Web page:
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ZFIN ID: ZDB-PUB-140523-7
Direct activation of the Mauthner cell by electric field pulses drives ultra-rapid escape responses
Tabor, K.M., Bergeron, S.A., Horstick, E.J., Jordan, D.C., Aho, V., Porkka-Heiskanen, T., Haspel, G., Burgess, H.A.
Date: 2014
Source: Journal of neurophysiology 112(4): 834-44 (Journal)
Registered Authors: Bergeron, Sadie, Burgess, Harold, Horstick, Eric
Keywords: Mauthner, SCN5a, electric, escape, zebrafish
MeSH Terms:
  • Action Potentials*
  • Animals
  • Calcium/metabolism
  • Characidae
  • Cyprinidae
  • Electric Stimulation
  • NAV1.5 Voltage-Gated Sodium Channel/genetics
  • NAV1.5 Voltage-Gated Sodium Channel/metabolism
  • Neurons/metabolism
  • Neurons/physiology*
  • Oryzias
  • Reaction Time*
  • Rhombencephalon/cytology
  • Rhombencephalon/physiology
  • Sodium Channel Blockers/pharmacology
  • Swimming*
  • Synaptic Transmission
  • Tetrodotoxin/pharmacology
  • Zebrafish
PubMed: 24848468 Full text @ J. Neurophysiol.
ABSTRACT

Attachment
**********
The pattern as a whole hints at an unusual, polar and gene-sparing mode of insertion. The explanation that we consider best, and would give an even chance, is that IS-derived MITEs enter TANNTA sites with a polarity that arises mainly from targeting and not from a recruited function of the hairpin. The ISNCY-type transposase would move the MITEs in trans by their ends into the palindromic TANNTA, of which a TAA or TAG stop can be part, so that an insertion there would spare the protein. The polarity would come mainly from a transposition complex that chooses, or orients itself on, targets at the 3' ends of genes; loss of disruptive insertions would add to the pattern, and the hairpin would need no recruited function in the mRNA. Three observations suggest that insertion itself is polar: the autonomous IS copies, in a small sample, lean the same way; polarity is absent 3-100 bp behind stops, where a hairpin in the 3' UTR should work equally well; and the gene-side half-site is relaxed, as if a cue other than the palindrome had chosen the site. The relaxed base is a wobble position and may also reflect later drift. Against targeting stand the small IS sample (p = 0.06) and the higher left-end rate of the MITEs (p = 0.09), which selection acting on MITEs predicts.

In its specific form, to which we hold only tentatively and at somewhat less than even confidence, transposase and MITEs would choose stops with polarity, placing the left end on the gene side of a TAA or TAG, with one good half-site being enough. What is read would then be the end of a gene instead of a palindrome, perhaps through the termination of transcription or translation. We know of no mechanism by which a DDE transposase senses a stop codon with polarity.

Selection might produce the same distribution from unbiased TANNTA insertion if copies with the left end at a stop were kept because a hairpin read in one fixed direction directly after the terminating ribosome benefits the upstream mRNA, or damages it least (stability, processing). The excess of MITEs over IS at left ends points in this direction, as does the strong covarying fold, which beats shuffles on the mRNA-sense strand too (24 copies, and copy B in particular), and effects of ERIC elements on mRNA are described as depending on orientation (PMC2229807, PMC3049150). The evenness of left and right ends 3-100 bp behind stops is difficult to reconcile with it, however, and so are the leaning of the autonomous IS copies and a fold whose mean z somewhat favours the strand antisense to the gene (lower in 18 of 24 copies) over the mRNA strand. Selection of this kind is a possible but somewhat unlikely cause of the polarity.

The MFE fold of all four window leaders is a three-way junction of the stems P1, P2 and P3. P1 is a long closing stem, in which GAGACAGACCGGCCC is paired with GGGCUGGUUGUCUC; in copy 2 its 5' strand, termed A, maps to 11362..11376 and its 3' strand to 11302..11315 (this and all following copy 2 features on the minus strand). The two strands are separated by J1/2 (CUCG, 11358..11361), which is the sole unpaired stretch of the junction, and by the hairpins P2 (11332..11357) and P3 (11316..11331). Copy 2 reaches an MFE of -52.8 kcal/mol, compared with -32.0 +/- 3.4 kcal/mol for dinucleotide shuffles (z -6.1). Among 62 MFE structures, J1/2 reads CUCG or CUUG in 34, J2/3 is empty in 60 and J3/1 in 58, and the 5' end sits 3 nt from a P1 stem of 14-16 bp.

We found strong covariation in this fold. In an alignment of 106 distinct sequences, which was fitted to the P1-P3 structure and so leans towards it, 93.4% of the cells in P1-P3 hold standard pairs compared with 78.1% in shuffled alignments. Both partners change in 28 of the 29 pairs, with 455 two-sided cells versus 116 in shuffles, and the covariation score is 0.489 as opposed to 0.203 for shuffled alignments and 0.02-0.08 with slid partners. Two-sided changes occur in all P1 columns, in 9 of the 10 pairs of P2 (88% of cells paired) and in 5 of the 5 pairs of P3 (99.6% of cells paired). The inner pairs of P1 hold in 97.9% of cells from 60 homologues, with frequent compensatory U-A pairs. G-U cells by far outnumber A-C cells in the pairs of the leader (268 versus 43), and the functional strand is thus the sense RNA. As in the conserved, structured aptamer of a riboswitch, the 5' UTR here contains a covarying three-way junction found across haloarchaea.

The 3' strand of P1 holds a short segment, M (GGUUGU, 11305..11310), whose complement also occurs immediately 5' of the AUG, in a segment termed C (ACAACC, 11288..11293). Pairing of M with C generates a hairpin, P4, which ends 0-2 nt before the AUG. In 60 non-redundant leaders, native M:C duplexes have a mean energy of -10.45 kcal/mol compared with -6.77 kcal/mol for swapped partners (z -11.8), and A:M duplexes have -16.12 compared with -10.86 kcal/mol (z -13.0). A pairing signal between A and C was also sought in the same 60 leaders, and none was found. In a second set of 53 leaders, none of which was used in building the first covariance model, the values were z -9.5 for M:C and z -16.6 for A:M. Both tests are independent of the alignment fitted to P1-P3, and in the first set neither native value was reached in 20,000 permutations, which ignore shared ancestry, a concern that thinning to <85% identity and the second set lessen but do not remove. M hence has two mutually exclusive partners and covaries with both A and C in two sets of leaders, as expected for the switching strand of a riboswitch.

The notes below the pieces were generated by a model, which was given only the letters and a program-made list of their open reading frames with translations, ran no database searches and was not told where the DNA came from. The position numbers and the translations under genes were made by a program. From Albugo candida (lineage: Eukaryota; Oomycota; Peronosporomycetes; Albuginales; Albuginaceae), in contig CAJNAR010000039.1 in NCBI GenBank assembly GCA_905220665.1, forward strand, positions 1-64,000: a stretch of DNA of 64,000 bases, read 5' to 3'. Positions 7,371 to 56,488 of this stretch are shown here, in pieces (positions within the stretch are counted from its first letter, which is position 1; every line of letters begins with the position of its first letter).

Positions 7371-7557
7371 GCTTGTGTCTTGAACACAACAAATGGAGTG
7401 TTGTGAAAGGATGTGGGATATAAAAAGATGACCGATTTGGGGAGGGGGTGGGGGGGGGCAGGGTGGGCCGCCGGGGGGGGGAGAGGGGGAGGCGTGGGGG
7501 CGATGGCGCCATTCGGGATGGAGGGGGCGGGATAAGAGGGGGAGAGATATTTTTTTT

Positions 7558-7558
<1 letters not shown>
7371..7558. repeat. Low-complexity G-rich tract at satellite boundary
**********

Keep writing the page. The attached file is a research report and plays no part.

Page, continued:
Rapid escape swims in fish are initiated by the Mauthner cells, giant reticulospinal neurons with unique specializations for swift responses. The Mauthner cells directly activate motoneurons and facilitate predator detection by integrating acoustic, mechanosensory and visual stimuli. In addition, larval fish show well-coordinated escape responses when exposed to electric field pulses (EFPs). Sensitization of the Mauthner cell by genetic overexpression of the voltage-gated sodium channel SCN5 increased EFP responsiveness, whereas Mauthner ablation using an engineered variant of nitroreductase with increased activity (epNTR), eliminated the response. The reaction time to EFPs is extremely short, with many responses initiated within 2 ms of the EFP. Large neurons, such as Mauthner cells, show heightened sensitivity to extracellular voltage gradients. We therefore tested if the rapid response to EFPs was due to direct activation of the Mauthner cells, bypassing delays imposed by stimulus detection and transmission by sensory cells. Consistent with this, calcium imaging indicated that EFPs robustly activated the Mauthner cell, but only rarely fired other reticulospinal neurons. Further supporting this idea, pharmacological blockade of synaptic transmission in zebrafish did not affect Mauthner cell activity in response to EFPs. Moreover, Mauthner cells transgenically expressing a tetrodotoxin (TTX) resistant voltage-gated sodium channel retained responses to EFPs despite TTX suppression of action potentials in the rest of the brain. We propose that EFPs directly activate Mauthner cells due to their large size, thereby driving ultra-rapid escape responses in fish.
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